Home Global-ICTGlobal-ICT 2007 The rise and impact of Carrier Ethernet

The rise and impact of Carrier Ethernet

by david.nunes
Jeff ReedyIssue:Global-ICT 2007
Article no.:16
Topic:The rise and impact of Carrier Ethernet
Author:Jeff Reedy
Title:President and CEO
Organisation:Overture Networks
PDF size:232KB

About author

Jeff Reedy is the President and CEO of Overture Networks. Prior to Overture, Mr Reedy was VP of Engineering of Larscom Incorporated, a network access equipment company. Mr Reedy joined Larscom when they acquired T3 Technologies, a start-up he co-founded. Mr Reedy began his career at Bell Laboratories designing packet switching hardware and later joined FiberLAN, Inc., rising to Director of Engineering. He holds two patents. Mr Reedy earned a BS in electrical engineering and computer science from Duke University and a MSEE from Stanford University.

Article abstract

Telecommunications is undergoing a tremendous transformation caused, in part, by Carrier Ethernet. Today, Ethernet is more than a local area network (LAN) technology. Telecom service providers and equipment vendors have adapted Ethernet technology for metropolitan and wide area networks to offer business customers data, voice and video services. Carrier Ethernet offers the reliability, manageability, flexibility and high speed needed not only for business but for medical, distance learning and other applications that bring vital services to people throughout the world.

Full Article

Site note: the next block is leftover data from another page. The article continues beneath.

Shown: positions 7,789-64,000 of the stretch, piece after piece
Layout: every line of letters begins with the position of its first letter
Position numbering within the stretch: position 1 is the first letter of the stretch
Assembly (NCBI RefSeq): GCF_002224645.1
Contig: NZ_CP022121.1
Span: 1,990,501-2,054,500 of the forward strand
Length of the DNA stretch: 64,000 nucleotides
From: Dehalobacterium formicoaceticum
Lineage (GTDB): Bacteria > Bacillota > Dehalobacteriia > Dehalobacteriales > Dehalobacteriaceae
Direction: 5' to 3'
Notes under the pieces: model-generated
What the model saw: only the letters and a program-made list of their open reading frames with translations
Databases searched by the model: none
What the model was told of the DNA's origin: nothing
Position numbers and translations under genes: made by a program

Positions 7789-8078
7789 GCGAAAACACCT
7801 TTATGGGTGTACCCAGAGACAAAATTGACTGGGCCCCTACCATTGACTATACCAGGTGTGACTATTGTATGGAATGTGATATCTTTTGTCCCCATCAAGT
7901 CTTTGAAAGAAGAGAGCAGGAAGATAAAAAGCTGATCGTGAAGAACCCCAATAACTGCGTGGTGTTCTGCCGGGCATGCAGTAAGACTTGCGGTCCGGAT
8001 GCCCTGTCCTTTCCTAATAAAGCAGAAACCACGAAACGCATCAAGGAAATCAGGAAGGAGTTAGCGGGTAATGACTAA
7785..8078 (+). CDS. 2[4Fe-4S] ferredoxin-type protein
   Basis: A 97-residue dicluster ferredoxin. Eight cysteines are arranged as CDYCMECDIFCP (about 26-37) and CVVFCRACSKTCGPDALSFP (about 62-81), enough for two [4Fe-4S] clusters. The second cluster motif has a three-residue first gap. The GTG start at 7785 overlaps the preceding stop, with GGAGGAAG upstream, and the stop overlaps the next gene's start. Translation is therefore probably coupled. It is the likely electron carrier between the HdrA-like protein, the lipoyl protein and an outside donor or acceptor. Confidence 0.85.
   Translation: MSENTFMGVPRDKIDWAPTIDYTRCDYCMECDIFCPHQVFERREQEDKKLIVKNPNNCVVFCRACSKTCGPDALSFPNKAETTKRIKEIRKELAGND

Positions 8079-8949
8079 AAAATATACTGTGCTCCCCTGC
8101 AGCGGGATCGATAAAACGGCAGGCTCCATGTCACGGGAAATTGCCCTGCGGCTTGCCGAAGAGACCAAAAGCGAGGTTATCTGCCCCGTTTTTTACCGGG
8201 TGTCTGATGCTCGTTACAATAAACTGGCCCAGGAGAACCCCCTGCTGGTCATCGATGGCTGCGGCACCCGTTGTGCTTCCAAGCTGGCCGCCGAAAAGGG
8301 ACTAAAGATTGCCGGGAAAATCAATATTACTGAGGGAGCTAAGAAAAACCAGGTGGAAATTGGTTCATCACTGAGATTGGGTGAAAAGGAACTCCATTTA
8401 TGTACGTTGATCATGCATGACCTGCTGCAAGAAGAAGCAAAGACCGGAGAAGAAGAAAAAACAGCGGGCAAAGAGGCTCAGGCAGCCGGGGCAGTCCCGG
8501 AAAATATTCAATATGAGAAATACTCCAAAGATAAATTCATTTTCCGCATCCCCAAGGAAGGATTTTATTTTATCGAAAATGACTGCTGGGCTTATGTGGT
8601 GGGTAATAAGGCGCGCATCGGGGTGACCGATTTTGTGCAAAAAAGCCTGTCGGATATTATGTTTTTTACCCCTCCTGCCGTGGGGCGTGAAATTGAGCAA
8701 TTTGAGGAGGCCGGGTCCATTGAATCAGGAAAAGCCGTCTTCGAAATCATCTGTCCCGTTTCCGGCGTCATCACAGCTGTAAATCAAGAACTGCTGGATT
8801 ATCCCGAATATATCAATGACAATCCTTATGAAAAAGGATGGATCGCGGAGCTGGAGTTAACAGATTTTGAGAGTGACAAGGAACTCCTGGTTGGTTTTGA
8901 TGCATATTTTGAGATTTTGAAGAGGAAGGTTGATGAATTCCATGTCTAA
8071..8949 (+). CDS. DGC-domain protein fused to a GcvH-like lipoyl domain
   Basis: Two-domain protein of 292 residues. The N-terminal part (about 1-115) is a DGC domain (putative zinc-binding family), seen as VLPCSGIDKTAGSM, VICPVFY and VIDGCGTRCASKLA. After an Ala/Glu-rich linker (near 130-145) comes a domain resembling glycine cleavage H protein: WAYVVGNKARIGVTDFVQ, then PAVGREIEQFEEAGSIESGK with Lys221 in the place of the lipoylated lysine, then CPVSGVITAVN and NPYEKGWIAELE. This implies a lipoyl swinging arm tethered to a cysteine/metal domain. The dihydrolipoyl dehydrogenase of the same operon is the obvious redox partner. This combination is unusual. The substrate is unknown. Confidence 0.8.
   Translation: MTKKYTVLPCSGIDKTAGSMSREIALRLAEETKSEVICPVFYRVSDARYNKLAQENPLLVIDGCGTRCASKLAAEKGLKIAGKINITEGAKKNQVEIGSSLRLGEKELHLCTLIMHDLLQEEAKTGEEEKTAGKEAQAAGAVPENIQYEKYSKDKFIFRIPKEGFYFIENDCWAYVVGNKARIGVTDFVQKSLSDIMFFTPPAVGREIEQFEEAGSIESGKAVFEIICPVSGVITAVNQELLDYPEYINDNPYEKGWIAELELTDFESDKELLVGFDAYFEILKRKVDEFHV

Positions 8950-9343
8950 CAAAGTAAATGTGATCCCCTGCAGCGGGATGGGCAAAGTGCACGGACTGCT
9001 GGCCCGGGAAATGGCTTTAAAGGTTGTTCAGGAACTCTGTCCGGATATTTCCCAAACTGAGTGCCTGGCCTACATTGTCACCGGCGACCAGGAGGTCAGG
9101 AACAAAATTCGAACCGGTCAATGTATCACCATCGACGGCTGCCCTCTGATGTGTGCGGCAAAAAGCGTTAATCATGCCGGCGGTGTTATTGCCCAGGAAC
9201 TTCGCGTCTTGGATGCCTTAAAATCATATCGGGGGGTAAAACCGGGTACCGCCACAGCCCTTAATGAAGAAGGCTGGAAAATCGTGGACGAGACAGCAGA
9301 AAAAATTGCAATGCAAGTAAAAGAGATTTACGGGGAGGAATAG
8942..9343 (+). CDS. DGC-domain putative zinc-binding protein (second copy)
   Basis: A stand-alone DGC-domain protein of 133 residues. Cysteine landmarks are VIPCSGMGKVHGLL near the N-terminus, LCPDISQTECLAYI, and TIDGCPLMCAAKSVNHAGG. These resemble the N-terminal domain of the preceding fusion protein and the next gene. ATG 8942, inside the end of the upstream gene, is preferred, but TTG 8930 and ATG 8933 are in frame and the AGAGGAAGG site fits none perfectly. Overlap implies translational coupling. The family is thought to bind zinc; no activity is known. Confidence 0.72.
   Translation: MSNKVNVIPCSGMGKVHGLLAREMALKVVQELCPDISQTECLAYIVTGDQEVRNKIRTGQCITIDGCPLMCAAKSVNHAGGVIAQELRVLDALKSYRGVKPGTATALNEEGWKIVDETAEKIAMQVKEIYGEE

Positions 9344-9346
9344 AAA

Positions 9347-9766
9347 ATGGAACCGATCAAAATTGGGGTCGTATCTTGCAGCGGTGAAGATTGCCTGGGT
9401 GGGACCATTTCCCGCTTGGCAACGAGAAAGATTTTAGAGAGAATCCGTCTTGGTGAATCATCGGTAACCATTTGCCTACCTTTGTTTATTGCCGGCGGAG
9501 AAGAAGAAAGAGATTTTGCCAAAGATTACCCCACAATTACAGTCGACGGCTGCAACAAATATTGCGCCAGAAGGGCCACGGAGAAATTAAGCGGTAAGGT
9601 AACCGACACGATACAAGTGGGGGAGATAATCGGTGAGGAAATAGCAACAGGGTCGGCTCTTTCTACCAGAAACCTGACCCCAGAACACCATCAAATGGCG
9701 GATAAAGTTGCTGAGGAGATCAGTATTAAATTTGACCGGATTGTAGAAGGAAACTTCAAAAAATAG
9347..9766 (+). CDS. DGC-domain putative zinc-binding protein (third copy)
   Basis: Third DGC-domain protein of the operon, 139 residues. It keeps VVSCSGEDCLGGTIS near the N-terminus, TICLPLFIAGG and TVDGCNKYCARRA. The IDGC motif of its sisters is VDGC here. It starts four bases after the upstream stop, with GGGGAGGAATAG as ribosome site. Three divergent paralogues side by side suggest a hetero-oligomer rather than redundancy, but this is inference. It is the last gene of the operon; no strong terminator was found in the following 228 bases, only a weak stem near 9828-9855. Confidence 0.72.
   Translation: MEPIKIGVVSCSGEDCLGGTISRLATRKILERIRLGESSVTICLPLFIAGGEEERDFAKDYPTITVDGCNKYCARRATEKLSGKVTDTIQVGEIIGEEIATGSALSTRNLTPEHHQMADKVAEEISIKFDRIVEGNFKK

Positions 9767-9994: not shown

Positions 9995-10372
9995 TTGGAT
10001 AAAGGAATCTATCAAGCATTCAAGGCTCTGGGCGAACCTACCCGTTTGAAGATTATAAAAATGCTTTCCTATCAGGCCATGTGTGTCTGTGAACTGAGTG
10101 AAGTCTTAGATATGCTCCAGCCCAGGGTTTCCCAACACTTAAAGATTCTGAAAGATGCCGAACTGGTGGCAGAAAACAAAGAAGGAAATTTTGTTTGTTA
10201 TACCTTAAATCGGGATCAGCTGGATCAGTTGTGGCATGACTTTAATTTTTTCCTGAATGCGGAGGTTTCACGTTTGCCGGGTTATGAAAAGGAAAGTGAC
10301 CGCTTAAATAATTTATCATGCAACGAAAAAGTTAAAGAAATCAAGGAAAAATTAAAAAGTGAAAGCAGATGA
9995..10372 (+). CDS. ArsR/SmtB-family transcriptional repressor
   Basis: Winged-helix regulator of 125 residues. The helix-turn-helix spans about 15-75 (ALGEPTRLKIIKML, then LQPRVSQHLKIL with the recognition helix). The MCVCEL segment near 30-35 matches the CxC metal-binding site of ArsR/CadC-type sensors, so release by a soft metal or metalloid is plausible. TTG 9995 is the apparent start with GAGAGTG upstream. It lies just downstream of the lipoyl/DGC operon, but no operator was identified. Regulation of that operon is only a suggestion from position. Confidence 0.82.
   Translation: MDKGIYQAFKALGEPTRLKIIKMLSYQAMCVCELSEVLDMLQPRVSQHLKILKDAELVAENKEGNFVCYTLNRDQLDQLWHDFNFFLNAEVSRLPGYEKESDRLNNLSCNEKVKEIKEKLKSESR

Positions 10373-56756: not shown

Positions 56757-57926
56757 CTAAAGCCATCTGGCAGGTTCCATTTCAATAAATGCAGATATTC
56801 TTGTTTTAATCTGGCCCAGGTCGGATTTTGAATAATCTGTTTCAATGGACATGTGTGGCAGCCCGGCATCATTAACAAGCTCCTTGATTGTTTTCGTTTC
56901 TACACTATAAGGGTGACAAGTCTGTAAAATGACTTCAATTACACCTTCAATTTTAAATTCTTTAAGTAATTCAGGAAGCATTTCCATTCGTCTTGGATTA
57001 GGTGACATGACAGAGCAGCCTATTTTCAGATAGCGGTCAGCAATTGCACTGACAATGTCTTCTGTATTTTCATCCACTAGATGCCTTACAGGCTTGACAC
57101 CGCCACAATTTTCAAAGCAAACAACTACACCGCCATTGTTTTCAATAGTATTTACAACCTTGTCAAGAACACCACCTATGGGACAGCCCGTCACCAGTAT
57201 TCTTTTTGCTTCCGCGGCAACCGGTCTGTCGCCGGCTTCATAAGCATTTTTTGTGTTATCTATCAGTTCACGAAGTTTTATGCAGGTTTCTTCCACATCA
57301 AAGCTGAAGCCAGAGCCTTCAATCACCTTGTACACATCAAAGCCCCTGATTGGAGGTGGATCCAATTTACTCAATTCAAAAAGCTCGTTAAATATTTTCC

The telecommunications industry is undergoing a tremendous transformation on three fronts. Much has been written about the first two fronts, which are essentially a battle for the consumer – the triple play of voice, video and data at the home and the wave of innovation in wireless networking. The third front is the battle for the business, and the technology causing this transformation is Carrier Ethernet. What is Carrier Ethernet? Most people know Ethernet as a local area networking technology used in the office to connect computers to servers and printers and as the connection at home from the PC to the cable or DSL modem. Since the late 1990s, telecom service providers and networking equipment vendors have been adapting Ethernet technology for metropolitan and wide area networks by making it more reliable, scaleable, manageable and suitable for offering multiple data, voice and video services to business customers. Like any new approach, adoption was gradual at first but this service has now hit an inflection point. According to Infonetics Research, worldwide Ethernet service revenues hit US$ 9.4 billion in 2006 and are expected to top US$ 25 billion by 2010. Why are businesses demanding Carrier Ethernet? Carrier Ethernet is the natural delivery mechanism for IP-based data, voice and video applications, and businesses want the speed, flexibility and ease of use that Carrier Ethernet offers. Speeds can range from one megabit per second (Mb/s) to over one gigabit per second (Gb/s). Flexibility means only having to pay for the bandwidth that is used, and if more bandwidth is needed, it is a very quick process to ratchet up the data rate. Ease of use comes from the simplicity of Ethernet and the fact that company personnel are already familiar with the technology in their local environment. The impact of Carrier Ethernet To the layman, Carrier Ethernet may seem like just another wave of new technology that is better and faster than the previous approaches, but the speed and universality of Carrier Ethernet is having a significant beneficial impact on the way the world works. In medicine, Carrier Ethernet’s high speed and low latency enables physicians to remotely diagnose patients that are tens or hundreds of miles away and would otherwise not receive the benefit of expert treatment. In education, Carrier Ethernet’s ability to handle voice, data and video streams on a single network helps fulfil the promise of distance learning and fully networked school systems. In finance, the seamless nature of Carrier Ethernet enables distribution of computing and storage resources to provide disaster recovery and critical low latency transactions. In almost any business, Carrier Ethernet helps bridge time and distance barriers, enabling collaboration and productivity within and between companies. Ultimately this creates an environment for innovation, as people expand their circle of connect points and focus their talents on new ideas. This knits the global community together more tightly, accelerating knowledge sharing and skills to improve the livelihood of all. Challenges Carrier Ethernet is not without its challenges. As demand for the technology escalates, the telecom service providers face several issues scaling their services to meet expectations. Initially, Carrier Ethernet was only delivered over fibre to a small set of densely occupied buildings in major urban centres. This was acceptable because the networks were simple – connecting a remote diagnostic facility across town to a hospital, for example, or corporate headquarters to a backup data-storage facility. Now, however, businesses want to convert their mainstream networks, based on older technology such as frame relay or asynchronous time division multiplexing (ATM), to Carrier Ethernet. This means the service provider must reach all locations, whether connected via fibre, copper or microwave. The carrier needs to offer data rates from 1 Mb/s to 1 Gb/s and beyond so the economics of the solution can match the bandwidth requirements of each location. Carriers also need solutions that provide the intelligence to prioritise different types of traffic and ensure that data, voice and video are delivered quickly and reliably. Fortunately, the service providers are receiving plenty of help from networking equipment companies, and they are being proactive in driving requirements to advance the state of the art. In addition, service providers, enterprises and equipment vendors are all working together in standards bodies such as the Metro Ethernet Forum (MEF), to define feature sets and interoperability standards that ensure networks provide the reach, scale and manageability required for a truly universal service. The ultimate goal is everything over Ethernet, everywhere and all the time. Challenge means opportunity For the service providers who can respond to the ever-growing business demand for Carrier Ethernet, there are opportunities for both increased revenues and reduced costs. Services such as Virtual LAN, High-Speed Internet, voice over IP (VoIP) and packet video can be provisioned on a single connection, and each service adds revenues and increases the return on investment. These basic connectivity services can be expanded to provide even more profitable services, such as software application hosting, data mirroring, storage backup and content distribution. In addition to revenue enhancement, carriers recognise that Carrier Ethernet can provide significant cost savings on network interfaces, in transport networks, and at aggregation points – which continue to become more significant as silicon technology advances. Building a single packet-based network for all services provides operational savings over having to build and maintain multiple networks. Studies by Network Strategy Partners have quantified capital expense savings at 39 per cent and operational expense savings up to 49 per cent with a Carrier Ethernet approach. Furthermore, enterprise IT departments also save operational costs by interfacing to the carrier with a simple Ethernet handoff rather than with different interfaces for different services. The next few years What can the business community expect in the next few years? There will generally be options available from multiple service providers for Carrier Ethernet solutions that step up functionality and performance compared to legacy networks. Fibre will reach some locations and copper or wireless technology will reach still others. The speed of communications will de-emphasise physical barriers and change the way resources are allocated and processes are implemented. It is a natural question to ask, ‘What’s next after Carrier Ethernet?’ After all, the technical community has a way of inventing some new protocol every ten or 15 years and starting a new cycle of hype, hope and change. The answer today is that Carrier Ethernet will be the cornerstone technology of networks for many years to come. The data rates will get faster – reaching 40 Gb/s and 100 Gb/s and beyond. The beauty of the basic Carrier Ethernet architecture being implemented today is that it will continue to scale in breadth and speed as underlying technologies evolve. Carrier Ethernet represents a milestone in the evolution of the telecommunications network, but it is more than just bits and bytes – the speed, flexibility and ability to carry data, voice and video seamlessly throughout the globe makes Carrier Ethernet the cornerstone of 21st century communications, and will change the way people and institutions work and operate. That change has already begun and will continue to accelerate over the next few years.